Cargill and the Priest: Priest Stands Up Against BigAg and Deforestation

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by
The Ecologist

Cargill and the Priest: Priest Stands Up Against BigAg and Deforestation

In the Brazilian town of Santarem, one brave priest is the only thing standing between multi-national grain trader Cargill and the rest of the Amazon

by
Polly Cook

Placards are displayed outside the Cargill facility (photo: the Ecologist)

Father Edilberto Sena arrives at Rural
Radio station and takes up his position behind the microphone. He
reaches into his pocket and pulls out his script for today's show. One
question is scribbled on it for the daily debate: ‘Why is this
happening?'

Edilberto is a Roman Catholic priest and a follower
of liberation theology - meaning not only does he believe in teaching
the word of God, but believes that he has an absolute obligation to
fight poverty and bring justice to the poor. So he takes up the
microphone each week not to recite afternoon prayers to his 200,000
listeners, but to tell the people of Santarem, Northern Brazil, exactly
why they are finding it so hard to grow crops and why the rainforest
that once surrounded their city resembles a burnt desert. 

Edilberto
isn't just referring to climate change. The Amazon rainforest is being
torn down by agribusinesses which use the land to farm soya and export
to European livestock farmers, feeding the growing demand for cheap
meat. For ten years Father Edilberto has stood at the heart of
Santarem's campaign against the world's leader in this trade, Cargill.

‘In
Santarem people started to say, "why is it so much hotter?". I tell
people this is not God's doing; this is happening because of the
destruction of the rainforest.'

Cargill has US revenues of over
$63 billion each year and is thought to be the largest privately owned
firm in the world. It arrived in Santarem in 1999 with plans to expand
the town's port to make it big enough to take advantage of the fast,
cheap route from Northern Brazil to Europe. The company claimed it
wanted to bring development and prosperity to the state of Para, but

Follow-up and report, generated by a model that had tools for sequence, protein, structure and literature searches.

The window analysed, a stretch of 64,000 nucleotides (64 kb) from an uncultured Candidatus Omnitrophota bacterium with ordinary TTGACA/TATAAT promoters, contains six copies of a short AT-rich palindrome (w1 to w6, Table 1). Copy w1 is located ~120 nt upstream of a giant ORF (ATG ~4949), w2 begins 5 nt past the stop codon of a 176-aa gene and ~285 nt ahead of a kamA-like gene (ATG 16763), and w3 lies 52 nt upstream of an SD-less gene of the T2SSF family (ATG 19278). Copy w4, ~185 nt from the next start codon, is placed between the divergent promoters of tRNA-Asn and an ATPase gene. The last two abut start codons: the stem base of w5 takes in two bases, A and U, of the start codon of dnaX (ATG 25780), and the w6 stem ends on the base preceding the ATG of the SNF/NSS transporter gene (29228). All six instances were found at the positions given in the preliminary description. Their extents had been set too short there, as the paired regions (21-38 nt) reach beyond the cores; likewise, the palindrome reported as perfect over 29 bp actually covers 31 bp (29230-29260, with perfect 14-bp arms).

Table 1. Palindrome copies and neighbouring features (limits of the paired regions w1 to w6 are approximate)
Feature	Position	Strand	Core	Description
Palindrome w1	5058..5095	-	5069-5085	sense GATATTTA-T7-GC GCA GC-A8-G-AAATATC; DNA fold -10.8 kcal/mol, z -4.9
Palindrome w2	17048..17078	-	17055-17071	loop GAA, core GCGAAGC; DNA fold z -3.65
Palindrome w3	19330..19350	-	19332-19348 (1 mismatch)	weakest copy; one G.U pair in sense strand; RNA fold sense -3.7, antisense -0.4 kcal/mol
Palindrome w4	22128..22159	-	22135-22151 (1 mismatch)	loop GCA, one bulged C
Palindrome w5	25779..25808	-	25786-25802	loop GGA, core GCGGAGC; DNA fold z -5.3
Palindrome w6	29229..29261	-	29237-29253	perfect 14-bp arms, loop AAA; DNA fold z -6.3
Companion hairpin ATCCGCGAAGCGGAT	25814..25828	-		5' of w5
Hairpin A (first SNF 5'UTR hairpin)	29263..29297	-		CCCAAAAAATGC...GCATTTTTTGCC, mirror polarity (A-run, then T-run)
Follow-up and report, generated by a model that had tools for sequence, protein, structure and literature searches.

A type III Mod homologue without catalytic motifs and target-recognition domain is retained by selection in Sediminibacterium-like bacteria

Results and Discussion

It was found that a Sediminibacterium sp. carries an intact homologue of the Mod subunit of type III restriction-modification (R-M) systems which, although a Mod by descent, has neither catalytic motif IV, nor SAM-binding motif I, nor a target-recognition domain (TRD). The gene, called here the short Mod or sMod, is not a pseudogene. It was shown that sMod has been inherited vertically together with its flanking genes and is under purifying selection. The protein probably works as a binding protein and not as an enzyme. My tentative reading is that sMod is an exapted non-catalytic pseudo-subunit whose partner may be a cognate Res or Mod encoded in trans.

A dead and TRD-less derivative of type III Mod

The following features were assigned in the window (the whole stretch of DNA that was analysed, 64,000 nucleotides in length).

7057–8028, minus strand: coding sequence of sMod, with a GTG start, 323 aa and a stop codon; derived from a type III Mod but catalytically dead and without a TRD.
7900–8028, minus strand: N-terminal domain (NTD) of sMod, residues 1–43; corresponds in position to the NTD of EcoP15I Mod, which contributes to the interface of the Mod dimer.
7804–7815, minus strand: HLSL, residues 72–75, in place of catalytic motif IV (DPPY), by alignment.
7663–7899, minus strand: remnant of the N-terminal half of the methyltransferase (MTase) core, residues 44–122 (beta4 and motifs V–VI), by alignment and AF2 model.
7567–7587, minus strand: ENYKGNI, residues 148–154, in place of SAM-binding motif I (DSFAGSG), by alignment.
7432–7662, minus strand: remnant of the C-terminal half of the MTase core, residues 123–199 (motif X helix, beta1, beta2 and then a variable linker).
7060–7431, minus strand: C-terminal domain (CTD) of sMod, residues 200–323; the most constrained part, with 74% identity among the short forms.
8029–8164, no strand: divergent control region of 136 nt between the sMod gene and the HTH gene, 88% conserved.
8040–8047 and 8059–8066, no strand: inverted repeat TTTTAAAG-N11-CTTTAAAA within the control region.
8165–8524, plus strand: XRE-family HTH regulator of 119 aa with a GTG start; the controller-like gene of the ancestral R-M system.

Edilberto and his fellow campaigners remained unconvinced. 

A 2006 report by Greenpeace
shows that deforestation in those parts of the Amazon surrounding
Santarem leaped from 15,000 hectares in 2002 to 28,000 hectares in
2004. The arrival of Cargill also seems to have encouraged increasing
numbers of locals to make a living by grabbing land illegally and
growing soya. 

Edilberto paints a particularly bleak picture
of what Santarem looks like now. ‘If you fly over Santarem you can see
what a desert it has become, you can see the damage of the pesticides
and the lonely Brazil nut trees. Cargill has brought devastation to us;
this is why we are fighting them.' 

However, Edilberto's case
against Cargill is based on more than just a moral or religious
aversion to agribusiness - he is adamant that what Cargill is doing is,
in fact, illegal.

In Brazil as elsewhere, large construction
projects must complete an Environmental Impact Assessment (EIA) before
ground is broken. Greenpeace discovered in 1999 that Cargill had filed
no such assessment, even though the site was thought to be of
indigenous archaeological interest. A high profile, multi-NGO campaign
ensued, ultimately landing Cargill in court.

In June 1999 the
Ministry of Public Prosecution won a civil action to stop Cargill
constructing the terminal unless the report was completed. While
Santarem rejoiced, Cargill and the Port Authority appealed the court's
decision. In 2003, Cargill again lost its appeal, but by this point the
terminal was near completion - so big it had already destroyed the